For many people across the country, recycling has become a way of life. In some communities not recycling even comes with fines from the municipality – but even the most gung-ho recyclers may not realize that they’re dropping the ball when it comes to recycling their electronic waste. In many cases, people simply don’t know what to do with their electronics – especially devices that may contain sensitive information such as computers or cell phones. Thus, they place them on a shelf where they’re forgotten (and potential targets for data theft). Others, unfortunately ,toss the equipment in the bulk items trash, assuming there are far too many components for them to make it through the traditional recycling process. As it turns out however, most electronics canbe recycled responsibly, although it may require a bit more effort than throwing items in a bin and calling it a day.

At first glance, it may be hard to imagine how much electronic waste is piling up – after all, electronics aren’t like paper. Every person in town isn’t carrying around 12 cell phones and five laptops.  However, in 2014 the United States alone generated11.7 milliontons of electronic waste with 41.8 million tons being generated worldwide and, unfortunately, only 6.5 million tons of global electronic waste was recycled by a take-back system. That means that roughly 35 million tons of electronic waste potentially ended up in a landfill or were improperly recycled.Electronic waste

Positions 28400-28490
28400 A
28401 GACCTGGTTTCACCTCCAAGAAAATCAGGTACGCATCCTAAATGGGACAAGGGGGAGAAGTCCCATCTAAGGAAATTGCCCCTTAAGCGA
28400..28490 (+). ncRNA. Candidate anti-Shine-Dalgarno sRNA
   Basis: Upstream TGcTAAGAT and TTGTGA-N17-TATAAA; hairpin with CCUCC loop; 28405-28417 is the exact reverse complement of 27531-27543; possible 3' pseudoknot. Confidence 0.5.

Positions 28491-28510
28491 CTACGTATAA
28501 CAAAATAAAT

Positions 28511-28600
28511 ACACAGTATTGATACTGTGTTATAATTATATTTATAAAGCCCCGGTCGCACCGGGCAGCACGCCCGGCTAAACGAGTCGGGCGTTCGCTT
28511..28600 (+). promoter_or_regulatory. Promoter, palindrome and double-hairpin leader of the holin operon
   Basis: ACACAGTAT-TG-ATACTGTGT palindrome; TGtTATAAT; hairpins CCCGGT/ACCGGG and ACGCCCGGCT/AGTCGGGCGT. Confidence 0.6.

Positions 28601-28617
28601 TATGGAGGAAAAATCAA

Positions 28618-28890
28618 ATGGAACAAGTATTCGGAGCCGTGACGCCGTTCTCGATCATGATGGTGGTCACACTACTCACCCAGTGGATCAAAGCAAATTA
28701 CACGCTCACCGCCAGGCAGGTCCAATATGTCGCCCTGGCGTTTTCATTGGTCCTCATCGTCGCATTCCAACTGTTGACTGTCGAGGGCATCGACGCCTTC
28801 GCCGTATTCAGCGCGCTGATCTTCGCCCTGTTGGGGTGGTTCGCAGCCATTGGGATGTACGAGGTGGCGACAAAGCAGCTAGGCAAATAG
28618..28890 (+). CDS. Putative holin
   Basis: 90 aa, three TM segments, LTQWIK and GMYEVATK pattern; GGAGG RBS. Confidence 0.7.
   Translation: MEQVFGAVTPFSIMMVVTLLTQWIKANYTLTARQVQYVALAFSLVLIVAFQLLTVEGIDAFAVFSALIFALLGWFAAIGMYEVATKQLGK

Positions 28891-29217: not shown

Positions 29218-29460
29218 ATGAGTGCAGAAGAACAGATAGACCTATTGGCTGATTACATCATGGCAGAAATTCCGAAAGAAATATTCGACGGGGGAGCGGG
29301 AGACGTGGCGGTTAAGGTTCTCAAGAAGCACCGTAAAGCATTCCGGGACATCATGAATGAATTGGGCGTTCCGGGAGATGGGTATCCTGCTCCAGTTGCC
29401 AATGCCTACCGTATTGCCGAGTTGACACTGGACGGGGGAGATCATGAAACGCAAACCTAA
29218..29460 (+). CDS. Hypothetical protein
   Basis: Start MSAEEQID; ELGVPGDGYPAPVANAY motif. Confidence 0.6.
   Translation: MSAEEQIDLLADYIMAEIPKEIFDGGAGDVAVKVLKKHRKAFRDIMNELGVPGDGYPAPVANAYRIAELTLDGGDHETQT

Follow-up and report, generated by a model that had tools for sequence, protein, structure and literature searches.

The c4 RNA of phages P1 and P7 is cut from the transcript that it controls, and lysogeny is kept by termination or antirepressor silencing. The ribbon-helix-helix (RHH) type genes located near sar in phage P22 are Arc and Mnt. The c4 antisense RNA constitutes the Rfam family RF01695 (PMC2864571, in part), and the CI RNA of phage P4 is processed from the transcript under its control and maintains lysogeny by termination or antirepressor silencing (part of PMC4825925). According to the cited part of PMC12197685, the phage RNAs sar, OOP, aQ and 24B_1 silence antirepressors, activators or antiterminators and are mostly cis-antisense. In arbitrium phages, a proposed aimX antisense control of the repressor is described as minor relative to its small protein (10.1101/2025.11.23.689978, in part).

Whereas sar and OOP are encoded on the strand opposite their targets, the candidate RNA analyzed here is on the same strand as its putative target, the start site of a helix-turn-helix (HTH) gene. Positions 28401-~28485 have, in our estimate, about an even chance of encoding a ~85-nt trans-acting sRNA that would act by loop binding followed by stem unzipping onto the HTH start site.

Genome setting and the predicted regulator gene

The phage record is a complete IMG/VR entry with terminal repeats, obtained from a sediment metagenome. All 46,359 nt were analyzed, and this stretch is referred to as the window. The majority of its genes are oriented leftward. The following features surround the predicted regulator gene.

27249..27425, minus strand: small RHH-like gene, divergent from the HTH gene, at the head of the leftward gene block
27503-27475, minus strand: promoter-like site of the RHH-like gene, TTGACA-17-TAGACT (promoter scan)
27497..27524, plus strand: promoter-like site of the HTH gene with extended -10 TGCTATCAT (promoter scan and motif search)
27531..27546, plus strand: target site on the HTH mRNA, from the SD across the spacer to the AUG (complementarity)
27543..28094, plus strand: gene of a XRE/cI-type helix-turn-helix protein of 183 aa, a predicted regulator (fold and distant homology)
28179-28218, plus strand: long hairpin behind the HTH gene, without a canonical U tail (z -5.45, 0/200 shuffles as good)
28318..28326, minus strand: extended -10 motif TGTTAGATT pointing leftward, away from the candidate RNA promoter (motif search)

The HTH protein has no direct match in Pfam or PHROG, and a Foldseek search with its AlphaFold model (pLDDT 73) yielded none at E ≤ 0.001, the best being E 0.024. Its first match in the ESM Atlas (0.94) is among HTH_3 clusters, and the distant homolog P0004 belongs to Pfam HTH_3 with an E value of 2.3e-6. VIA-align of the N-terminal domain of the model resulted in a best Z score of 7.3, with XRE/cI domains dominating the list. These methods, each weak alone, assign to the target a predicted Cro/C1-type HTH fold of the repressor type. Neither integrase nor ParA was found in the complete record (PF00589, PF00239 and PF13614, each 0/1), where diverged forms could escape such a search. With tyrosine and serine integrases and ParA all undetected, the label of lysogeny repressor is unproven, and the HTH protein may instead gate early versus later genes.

You may be wondering how it’s even possible for that much electronic waste to be generated. According to the EPA, 416,000 mobile devices and 142,000 computers are disposed of dailyin landfills or incinerators. Additionally, each year roughly 1 million tons of lamps, 6.3 million tons of screens and monitors, and 7 million tons of temperature equipment (cooling and heating units, like refrigerators and stoves) are disposed of.

When all is said and done it’s clear that that’s a lot trash – and the majority of it can be recycled properly and avoid being thrown into landfills or incinerated (which can release harmful chemicals into the air). If you have electronics that you’d like to recycle properly and responsibly, Data Recycling New England can help. While we’re typically associated with recycling computer equipment and hard drives, we’re also experts in recycling large and small appliances, as well as freon and non-freon bearing appliances.

For further information on recycling with Data Recycling New England, visit our websiteor give us a call at (508) 822-2054.